Logs In The Mainstream – The Ridiculous & The Sublime

Logs In The Mainstream – The Ridiculous & The Sublime / 2008 LogsMOLE / 12 Tracks / http://www.logsinthemainstream. com /

Logs In The Mainstream start out their “The Ridiculous & The Sublime” with “Gotta Get Up”, a track that vacillates between sounding as if it came out in the sixties or the nineties. The amount of influences that come forth during the 12 tracks on “The Ridiculous” are legion; hints of The Beatles (which the cover of this album parodies), Beastie Boys, Anthrax, Jane’s Addiction and countless others can all be heard.

Logs In The Mainstream have been around for nearly twenty years (they started in 1990), and show their maturity as an act through the number of styles broached during “The Ridiculous & The Sublime”. This means that “Grateful” is a track that calls forth the Ramones, while “Smallest of Places” links together They Might Be Giants with Jane’s Addiction. At some point, each of the tracks on this album could be heard on rotation on a major radio station – there is that much charisma present during the songs on this album. The bagpipes take a focal place during “Don’t Come To Maryland”, which is perhaps the best track on the disc. The martial sound given the track by the bagpipes and drums provide yet another sound and style to associated with Logs In The Mainstream. The subject material presented during this track may be off the wall, but listeners will sing along with it just as if it was a serious song. The band takes a ska-punk style to heart during “If Hitler Had Sideburns”, and it is during this track that the production of the album really is shown to be miles beyond what many punk acts are capable of bringing to the table.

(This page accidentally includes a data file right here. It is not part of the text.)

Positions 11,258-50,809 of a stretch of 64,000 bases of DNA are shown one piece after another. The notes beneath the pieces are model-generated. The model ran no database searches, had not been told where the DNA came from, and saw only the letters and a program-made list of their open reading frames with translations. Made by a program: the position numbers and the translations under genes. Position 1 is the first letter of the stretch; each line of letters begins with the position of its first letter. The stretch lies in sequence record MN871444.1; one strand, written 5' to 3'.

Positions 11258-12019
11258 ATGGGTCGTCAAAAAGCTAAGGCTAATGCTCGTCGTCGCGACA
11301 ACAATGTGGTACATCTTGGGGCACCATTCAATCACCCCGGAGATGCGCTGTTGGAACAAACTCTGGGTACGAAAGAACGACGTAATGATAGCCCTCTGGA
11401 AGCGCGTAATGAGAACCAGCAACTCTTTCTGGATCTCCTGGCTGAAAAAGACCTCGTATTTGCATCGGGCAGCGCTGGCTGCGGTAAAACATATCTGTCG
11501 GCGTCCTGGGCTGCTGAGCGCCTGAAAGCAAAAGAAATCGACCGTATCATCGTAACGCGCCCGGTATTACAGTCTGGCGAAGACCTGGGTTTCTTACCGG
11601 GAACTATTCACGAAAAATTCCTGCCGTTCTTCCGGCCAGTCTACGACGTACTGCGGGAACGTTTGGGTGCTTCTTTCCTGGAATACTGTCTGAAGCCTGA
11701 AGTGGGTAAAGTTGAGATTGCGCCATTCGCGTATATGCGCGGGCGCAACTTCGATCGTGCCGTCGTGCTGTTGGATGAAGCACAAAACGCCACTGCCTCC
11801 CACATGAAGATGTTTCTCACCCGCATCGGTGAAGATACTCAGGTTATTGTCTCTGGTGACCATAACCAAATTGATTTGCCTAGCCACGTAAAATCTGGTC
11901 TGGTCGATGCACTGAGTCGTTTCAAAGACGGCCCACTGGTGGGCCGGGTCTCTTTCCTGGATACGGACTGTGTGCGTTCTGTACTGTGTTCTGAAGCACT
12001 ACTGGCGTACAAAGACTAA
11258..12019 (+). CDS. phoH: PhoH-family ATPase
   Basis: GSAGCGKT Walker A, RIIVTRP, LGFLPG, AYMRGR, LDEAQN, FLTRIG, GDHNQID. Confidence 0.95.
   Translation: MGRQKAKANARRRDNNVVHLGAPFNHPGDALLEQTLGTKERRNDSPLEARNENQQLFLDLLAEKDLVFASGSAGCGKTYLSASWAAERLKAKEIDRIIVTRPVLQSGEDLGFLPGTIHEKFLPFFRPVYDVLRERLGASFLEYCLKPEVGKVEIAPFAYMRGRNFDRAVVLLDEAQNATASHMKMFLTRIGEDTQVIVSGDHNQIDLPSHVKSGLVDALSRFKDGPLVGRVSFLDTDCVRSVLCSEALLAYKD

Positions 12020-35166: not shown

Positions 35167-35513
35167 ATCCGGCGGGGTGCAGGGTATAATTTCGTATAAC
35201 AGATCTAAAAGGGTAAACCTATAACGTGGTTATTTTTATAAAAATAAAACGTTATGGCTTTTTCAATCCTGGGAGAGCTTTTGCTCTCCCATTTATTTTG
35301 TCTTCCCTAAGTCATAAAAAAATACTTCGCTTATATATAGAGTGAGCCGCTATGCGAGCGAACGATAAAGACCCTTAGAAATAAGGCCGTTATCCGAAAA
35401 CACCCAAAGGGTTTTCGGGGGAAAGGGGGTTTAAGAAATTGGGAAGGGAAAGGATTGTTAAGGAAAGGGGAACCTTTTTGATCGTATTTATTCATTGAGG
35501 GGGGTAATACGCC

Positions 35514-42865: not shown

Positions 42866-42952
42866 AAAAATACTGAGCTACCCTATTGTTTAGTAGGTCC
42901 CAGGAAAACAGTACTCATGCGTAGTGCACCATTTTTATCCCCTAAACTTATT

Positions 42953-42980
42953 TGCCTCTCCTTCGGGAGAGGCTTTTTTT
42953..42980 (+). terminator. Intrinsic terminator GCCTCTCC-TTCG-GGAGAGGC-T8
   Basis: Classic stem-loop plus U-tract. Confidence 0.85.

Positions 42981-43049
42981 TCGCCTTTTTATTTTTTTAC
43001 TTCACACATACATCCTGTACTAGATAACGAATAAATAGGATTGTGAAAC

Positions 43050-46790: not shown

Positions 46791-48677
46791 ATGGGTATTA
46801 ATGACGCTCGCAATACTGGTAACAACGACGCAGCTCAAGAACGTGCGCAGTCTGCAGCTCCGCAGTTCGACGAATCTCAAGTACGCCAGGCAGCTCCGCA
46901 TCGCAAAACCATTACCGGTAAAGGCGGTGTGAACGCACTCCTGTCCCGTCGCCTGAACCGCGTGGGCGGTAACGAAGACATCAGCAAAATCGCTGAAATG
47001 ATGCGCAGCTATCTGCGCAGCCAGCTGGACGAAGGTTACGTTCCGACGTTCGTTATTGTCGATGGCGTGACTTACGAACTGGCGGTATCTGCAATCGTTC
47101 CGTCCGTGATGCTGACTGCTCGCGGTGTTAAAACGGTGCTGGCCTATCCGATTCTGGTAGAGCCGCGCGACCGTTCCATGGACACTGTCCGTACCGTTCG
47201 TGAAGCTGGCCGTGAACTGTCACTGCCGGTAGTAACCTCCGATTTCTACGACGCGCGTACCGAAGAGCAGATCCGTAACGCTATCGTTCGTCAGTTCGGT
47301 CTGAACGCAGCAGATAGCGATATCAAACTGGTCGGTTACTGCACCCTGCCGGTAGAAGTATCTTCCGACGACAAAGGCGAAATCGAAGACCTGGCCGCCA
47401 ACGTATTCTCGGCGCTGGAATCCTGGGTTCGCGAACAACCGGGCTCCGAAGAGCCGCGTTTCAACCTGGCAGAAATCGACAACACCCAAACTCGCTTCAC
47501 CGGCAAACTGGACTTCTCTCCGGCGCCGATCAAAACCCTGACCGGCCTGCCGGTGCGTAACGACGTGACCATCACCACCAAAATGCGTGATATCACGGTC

Where the humor present on “The Ridiculous & The Sublime” is typically oriented towards adults, Logs In The Mainstream create a track or two for the kids. For example, “The Circus” is one of those tracks that uses a wide array of different sounds and elicits thoughts that will keep kids interested in the album, at least until “Tequila & Power Tools” scares them all away. Regardless, each of the tracks is good enough to be a single, and this album will stay strong no matter how many times one listens to it. I was not familiar with Logs In The Mainstream before picking up “The Ridiculous & The Sublime”, but I know that I will be paying attention to them in the months and years to come. Give the disc a go.

Top Tracks: Don’t Come To Maryland, Grateful

Rating: 7.9/10

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Author: James McQuiston

Ph.D. in Political Science, Kent State University. I have been the editor at NeuFutur / neufutur.com since I was 15. Looking for new staff members all the time; email me if you are interested. Thanks!

One thought on “Logs In The Mainstream – The Ridiculous & The Sublime”

  1. This album is a must. Every album from the Logs is a must. Being a close relative of the lead singer “Mole”. I got to experience the album from the first demo. And I loved it though all the way. Every album from the Logs has a nice strong corporeal feel to it. Because every song is about life and everything you don’t want to hear about it…in a funny kind of way. Sure teenagers and kids these days, like me, won’t fully understand the songs. But Mole brings an array of sounds from different cultures in every album he has, he brings in of course the bag-pipes of the Scottish region and even a dirigdidoo(or how ever you spell the damn thing) of the Australian out back to make every song interesting and unexpected. But through out his array of songs, from the sixties to hard as hell heavy death metal, he brings one message. Be Yourself.

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